Saturday, November 24, 1860
Lincoln had been in Chicago since the afternoon of Wednesday the 21st. He and Vice-President-Elect Hannibal Hamlin spent much of the time meeting and greeting friends, well-wishers and office-seekers.
Finally on Saturday, they had a chance to discuss their main reason for meeting: The Cabinet. This was originally supposed to be the day of his departure, however due to the endless hand shaking, he decided to extend the trip. The office-seekers, however, didn’t know about the extension. According to the previous night’s New York Herald, Lincoln would “have some peace tomorrow, as many of the vultures left tonight, supposing Mr. Lincoln would leave in the morning train.”
It was decided that Hamlin and Senator Lyman Trumbull (who traveled from Springfield with Lincoln) would return to Washington, reporting the goings on in that city. As for the cabinet, it was left undecided to everyone but Lincoln himself (if even he knew at this point).
They talked at length about it, throwing around names like Simon Cameron from Pennsylvania, William Seward from New York, Salmon Chase of Ohio, Nathanial Banks of Massachusetts, Edward Bates of Missouri and several other once-contenders for the Republican Party nomination for President.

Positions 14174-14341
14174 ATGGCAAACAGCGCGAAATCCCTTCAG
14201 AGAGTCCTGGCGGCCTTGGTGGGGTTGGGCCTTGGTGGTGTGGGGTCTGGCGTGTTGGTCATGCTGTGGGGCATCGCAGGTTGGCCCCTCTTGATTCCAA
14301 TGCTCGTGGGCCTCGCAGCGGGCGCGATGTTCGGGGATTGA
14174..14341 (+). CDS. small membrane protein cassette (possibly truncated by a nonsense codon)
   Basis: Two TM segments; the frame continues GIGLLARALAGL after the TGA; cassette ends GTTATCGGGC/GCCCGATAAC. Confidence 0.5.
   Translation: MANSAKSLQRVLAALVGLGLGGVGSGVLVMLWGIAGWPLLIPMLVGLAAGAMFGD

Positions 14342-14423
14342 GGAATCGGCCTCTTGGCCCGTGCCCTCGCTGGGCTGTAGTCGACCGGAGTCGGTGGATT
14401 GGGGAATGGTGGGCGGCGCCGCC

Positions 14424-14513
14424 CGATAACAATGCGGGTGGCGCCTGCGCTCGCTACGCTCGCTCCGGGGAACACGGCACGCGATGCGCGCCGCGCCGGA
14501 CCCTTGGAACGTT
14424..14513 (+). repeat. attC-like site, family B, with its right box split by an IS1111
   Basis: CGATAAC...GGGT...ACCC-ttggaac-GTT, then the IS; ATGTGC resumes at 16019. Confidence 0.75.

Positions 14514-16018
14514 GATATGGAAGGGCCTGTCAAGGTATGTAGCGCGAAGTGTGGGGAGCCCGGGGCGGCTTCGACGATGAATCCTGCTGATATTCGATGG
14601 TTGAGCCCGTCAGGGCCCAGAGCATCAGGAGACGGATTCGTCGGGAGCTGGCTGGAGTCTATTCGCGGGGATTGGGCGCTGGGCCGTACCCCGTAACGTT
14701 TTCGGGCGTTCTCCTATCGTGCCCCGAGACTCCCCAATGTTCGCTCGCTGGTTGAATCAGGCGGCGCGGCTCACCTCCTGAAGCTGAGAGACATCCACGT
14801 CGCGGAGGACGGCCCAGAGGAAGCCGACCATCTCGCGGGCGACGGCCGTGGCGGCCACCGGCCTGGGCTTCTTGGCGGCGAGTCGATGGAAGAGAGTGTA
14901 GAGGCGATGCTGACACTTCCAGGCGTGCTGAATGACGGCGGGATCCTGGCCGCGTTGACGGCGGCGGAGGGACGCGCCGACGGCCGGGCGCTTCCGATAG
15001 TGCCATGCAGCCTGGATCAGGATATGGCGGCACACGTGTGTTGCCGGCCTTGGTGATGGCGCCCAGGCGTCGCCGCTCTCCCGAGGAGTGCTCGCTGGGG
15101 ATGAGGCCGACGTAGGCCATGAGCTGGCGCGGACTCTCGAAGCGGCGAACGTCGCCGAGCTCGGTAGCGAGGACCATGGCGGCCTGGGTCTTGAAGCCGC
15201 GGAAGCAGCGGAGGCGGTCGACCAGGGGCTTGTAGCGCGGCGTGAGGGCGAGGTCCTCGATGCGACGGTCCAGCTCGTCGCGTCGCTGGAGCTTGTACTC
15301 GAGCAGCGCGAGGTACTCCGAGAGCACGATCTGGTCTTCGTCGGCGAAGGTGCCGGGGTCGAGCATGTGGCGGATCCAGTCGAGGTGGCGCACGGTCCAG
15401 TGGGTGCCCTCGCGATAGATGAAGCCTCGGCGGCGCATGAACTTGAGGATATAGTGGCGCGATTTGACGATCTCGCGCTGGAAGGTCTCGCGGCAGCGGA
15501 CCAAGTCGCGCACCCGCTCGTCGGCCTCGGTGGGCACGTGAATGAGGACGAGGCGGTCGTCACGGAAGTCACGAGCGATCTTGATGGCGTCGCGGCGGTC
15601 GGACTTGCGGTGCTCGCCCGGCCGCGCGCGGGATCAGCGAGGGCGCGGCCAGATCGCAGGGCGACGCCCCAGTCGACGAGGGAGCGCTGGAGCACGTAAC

But what of the Southerners? Should Lincoln entertain the notion of bringing possible secession states to his cabinet? He did, to an extent. Joshua Fry Speed, an old friend of Lincoln’s from Kentucky who had almost no political history, was asked by Lincoln to come to Chicago. After the meeting with Hamlin about the cabinet, Lincoln attempted to talk Speed into taking a cabinet seat.
Speed declined the position, but agreed to talk to James Guthrie, also of Kentucky, about accepting a place in the Lincoln administration. In short time, Guthrie would also decline.
Kentucky, Lincoln’s home state, was the farthest south he would look for advisers come March in Washington.1
President Buchanan in Washington had received Major Anderson’s request for re-enforcements for Forts Moultrie and Sumter. He was alarmed; events were happening quickly. What alarmed him even more was a letter from Robert Barnwell Rhett, a die-hard and long-time secessionist from South Carolina. His letter to Buchanan served as a warning, a threat: “South Carolina, I have not a doubt, will go out of the Union – and it is in your power to make this event peaceful or bloody. If you send any more troops into Charleston Bay, it will be bloody.”
Anderson would need troops to defend the forts – an attack, according to Buchanan’s sources, could happen any day now. But sending troops could lead to a very real slaughter. If there were to be blood, Anderson should have his troops. He ordered Secretary of War, John Floyd to send re-enforcements to Charleston.
Floyd knew what this would mean and strongly urged the President to wait until General Scott, commander of all US Army forces, arrived in Washington (which wouldn’t be until December 12). This gave everyone some time. Floyd had William Henry Trescot, Assistant Secretary of State and a South Carolinian, write to his state’s governor, William Henry Gist, to assure the President that no blood would be spilled just yet.2